The Boozy Book Club – Part 6
I rounded the corner on Michelle Drive and slowed SammyDean to a crawl. You’d think with a nickname like that, my car would be the Supernatural 1967 Chevy Impala. Alas, the military doesn’t pay me enough to afford that glorious automotive genius on my best day. So, I drive around in a midnight black Mini Cooper I nicknamed SammyDean because I can.
The red brick ranch-style corner house comes into view as I hit the top of the hill. My windows rolled down to soak in the warm air. Their lawn, now lush and green, was evidence that spring has sprung in the South.
However, my surprise was in danger because the driveway was empty. No cars in sight. What the hell, no one’s home?
“Damn.” I cruised past the house and down the street. Connor said they’d be home. My parents don’t park in the garage, so no cars in the driveway meant only one thing. I huffed at the steering wheel, turned around in the cul-de-sac, and pulled off to the side of the road. I grabbed my phone. I had no choice at this point. If I go to the door, I’ll be on camera and then the jig would be up… surprise ruined.
Me: Hey butt. What’cha doing?
Connor: hey, chillin at home. you?
Me: Not much, out and about. Where’s mom and dad?
Connor: idk, the store I think… why?
I hopped out of the car and headed toward the house. When I reached the edge of their yard, I sprinted up the side and across the front lawn as fast as I could. They could be home any minute. I rounded the corner and kept my pace as I reached the back gate and pulled the lever.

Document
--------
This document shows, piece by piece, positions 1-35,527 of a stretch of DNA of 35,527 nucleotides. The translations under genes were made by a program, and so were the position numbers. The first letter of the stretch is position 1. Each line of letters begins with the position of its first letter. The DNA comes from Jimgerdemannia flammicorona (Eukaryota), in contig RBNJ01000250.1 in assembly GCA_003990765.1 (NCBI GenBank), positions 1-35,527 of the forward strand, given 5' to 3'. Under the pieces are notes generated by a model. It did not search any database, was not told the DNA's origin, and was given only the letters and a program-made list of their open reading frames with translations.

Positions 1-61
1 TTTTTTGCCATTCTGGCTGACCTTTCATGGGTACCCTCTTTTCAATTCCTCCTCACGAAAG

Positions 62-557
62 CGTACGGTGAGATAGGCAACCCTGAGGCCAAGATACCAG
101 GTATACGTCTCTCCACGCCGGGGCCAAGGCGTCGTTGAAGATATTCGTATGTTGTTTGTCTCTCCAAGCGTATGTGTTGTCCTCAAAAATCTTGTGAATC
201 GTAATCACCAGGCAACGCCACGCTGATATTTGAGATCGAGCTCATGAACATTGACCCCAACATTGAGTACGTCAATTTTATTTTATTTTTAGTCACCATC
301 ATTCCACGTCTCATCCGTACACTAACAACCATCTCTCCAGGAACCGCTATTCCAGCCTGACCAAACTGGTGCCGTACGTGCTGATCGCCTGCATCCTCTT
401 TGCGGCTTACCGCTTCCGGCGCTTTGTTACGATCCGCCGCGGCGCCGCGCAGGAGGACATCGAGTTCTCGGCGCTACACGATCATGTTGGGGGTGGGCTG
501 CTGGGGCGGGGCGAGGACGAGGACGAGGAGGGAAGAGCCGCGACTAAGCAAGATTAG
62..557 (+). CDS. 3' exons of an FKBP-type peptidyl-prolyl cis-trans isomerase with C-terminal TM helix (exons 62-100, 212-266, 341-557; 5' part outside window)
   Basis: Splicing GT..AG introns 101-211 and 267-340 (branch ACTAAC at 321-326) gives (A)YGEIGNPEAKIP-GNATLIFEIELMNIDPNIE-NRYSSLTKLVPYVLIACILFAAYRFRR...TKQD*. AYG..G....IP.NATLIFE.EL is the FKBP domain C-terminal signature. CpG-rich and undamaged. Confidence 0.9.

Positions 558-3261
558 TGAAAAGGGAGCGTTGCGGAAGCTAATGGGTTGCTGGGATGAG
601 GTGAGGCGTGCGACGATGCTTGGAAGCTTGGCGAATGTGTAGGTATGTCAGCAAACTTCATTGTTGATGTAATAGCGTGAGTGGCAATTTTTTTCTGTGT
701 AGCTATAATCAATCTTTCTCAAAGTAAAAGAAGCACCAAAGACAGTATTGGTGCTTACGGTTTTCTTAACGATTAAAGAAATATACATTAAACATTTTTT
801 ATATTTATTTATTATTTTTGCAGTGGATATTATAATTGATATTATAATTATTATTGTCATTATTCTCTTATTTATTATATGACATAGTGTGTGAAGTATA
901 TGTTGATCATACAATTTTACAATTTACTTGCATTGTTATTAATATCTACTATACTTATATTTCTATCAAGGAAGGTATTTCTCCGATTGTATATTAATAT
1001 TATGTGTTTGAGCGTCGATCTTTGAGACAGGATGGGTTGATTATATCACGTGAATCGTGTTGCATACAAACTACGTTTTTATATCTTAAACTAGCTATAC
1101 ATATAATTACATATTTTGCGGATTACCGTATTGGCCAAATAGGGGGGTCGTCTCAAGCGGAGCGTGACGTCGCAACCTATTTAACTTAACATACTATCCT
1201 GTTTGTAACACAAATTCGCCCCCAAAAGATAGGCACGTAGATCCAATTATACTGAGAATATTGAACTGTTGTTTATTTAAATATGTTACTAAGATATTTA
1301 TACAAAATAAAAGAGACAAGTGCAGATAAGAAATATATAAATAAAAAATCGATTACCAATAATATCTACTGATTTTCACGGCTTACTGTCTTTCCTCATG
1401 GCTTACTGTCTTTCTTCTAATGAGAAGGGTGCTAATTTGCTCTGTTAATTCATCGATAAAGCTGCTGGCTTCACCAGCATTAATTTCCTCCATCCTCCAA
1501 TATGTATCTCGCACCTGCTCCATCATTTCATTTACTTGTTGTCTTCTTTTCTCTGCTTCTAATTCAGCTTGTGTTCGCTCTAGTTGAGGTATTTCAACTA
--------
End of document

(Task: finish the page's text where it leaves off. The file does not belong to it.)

I stared momentarily at the obstacle in front of me. My grip tightened on the handle, and I yanked it with more force, but it wouldn’t budge. Locked. No ifs, ands, or buts about it, but the dog was on to me. He was at the gate, ready to defend his territory from whatever was on the other side. He eyed me through the wood slats as his barks and snarls intensified.
“Shush, boy. It’s me,” I grumbled at the Irish Terrier standing guard at the gate.
They don’t call them sentinels for nothing. Duff’s very serious barks and growls sounded alarms the entire neighborhood could hear, and he only got worse as I scaled the garbage can.
I peered down from my perch at the defiant pooch. “Duff, shut up!” I growled back at him.